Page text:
Flash on printed, injected and wrought 316L stainless steel
AISI 316L stainless steel (X2CrNiMo17-12-2) is widely used in 3D printing. To date, it has been studied the most according to the paper [Suwanpreecha et al 2022] at 40%.
Suwanpreecha et al propose to compare the metals printed by the MIM-Like process with the large scale Metal Injection Molding (MIM) process. Please refer to the previous article entitled “What is PIM Like?” for more information on this process. From this publication, there is a peak in publications on MIM-Like processes over the last five years and the main grades studied are AISI 316L and AISI 17-4PH stainless steels and copper alloy and TA6V alloy (see Figure 1 and 2).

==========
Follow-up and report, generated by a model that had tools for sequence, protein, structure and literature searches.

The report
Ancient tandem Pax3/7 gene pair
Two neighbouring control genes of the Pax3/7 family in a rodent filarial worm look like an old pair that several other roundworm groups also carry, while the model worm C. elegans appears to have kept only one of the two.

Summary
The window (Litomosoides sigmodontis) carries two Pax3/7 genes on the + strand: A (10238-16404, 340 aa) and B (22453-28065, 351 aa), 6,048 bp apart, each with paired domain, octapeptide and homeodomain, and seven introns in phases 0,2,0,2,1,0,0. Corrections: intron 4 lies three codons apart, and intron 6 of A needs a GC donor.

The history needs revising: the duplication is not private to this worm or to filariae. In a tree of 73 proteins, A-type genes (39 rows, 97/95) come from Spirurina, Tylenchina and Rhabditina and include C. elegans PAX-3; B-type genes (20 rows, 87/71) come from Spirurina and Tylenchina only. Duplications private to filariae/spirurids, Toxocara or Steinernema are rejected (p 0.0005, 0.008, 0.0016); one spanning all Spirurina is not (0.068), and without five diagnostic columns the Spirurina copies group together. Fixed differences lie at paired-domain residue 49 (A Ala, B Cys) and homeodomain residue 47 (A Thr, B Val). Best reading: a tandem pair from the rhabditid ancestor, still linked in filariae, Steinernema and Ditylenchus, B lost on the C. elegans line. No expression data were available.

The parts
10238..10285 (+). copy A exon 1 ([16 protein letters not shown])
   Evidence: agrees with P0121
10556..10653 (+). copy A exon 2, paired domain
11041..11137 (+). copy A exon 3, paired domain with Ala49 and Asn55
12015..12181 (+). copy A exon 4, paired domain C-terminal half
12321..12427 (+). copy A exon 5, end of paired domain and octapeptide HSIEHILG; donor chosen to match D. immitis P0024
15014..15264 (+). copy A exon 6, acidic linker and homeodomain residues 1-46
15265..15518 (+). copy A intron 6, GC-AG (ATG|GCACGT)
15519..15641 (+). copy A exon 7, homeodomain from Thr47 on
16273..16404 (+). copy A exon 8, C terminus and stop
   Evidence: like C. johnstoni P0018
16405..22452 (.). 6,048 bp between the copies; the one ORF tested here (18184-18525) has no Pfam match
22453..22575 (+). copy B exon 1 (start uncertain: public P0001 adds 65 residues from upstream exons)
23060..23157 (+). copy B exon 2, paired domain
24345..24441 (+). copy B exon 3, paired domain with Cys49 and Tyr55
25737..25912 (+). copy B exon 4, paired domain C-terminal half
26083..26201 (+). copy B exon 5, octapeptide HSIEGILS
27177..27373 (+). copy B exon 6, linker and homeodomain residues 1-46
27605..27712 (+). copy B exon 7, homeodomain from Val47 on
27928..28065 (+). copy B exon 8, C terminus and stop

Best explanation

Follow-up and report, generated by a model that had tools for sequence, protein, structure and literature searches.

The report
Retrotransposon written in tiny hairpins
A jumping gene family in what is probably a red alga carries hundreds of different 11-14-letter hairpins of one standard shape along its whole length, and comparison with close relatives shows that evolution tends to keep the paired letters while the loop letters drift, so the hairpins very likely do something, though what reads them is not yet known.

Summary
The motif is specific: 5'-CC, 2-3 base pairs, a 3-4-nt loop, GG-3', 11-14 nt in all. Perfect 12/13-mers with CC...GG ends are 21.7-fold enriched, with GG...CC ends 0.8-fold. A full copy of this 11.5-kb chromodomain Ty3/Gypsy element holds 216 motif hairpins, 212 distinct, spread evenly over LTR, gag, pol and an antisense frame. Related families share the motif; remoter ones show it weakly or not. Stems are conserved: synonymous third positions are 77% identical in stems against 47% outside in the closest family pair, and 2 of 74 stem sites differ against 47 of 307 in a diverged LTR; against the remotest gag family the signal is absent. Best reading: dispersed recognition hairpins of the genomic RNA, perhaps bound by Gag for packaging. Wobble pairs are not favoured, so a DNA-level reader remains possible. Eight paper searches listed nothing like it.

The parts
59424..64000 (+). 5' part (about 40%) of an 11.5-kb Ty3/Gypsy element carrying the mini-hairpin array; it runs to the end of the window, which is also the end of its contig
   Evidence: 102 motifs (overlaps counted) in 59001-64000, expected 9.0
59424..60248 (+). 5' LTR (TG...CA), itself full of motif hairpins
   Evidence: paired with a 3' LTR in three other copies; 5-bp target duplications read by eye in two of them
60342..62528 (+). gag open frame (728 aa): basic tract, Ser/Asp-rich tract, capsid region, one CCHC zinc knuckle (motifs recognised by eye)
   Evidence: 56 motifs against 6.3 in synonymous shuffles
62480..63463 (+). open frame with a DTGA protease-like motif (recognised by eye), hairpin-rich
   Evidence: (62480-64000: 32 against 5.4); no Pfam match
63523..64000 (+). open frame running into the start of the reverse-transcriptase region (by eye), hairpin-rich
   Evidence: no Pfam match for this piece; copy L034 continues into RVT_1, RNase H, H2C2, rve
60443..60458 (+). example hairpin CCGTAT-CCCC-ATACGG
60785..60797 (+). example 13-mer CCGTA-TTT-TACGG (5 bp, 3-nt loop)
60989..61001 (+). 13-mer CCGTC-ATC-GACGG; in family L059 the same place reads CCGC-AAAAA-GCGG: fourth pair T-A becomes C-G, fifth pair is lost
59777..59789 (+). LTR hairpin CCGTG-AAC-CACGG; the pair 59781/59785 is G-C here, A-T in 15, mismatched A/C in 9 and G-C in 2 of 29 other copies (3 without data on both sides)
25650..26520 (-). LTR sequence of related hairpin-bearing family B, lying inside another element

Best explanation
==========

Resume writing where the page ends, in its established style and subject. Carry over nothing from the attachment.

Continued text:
The PEPS consortium worked on the mechanical characterisation of printed AISI 316L stainless steel:
-By MIM-Like process using BASF CATAMOLD® granules from the Direct 3D extruder
-By MIM-Like process using BASF ULTRAFUSE® filament on the Raise 3D
-By MIM process, injected from BASF’s CATAMOLD® granules
Figure 3, obtained within the PEPS consortium and presented in this flash, compares the density, mechanical properties (maximum strength and yield strength in MPa) with the standards in force for both MIM and wrought steels. Finally, the two MIM-Like processes make it possible to obtain AISI 316L stainless steel with values above the tolerances of the standard in force for MIM. Nevertheless, a printed AISI 316L stainless steel remains inferior to the properties of the same grade injected. This is due to the density obtained after printing. It’s induced by the printing processes (lack of overlap from one layer to another, lack of material at the corners of the parts, etc.) despite optimisation of the printing parameters. In the coming years, an effort will therefore have to be made on MIM Like printing technologies to reduce these differences and improve the properties of printed metals.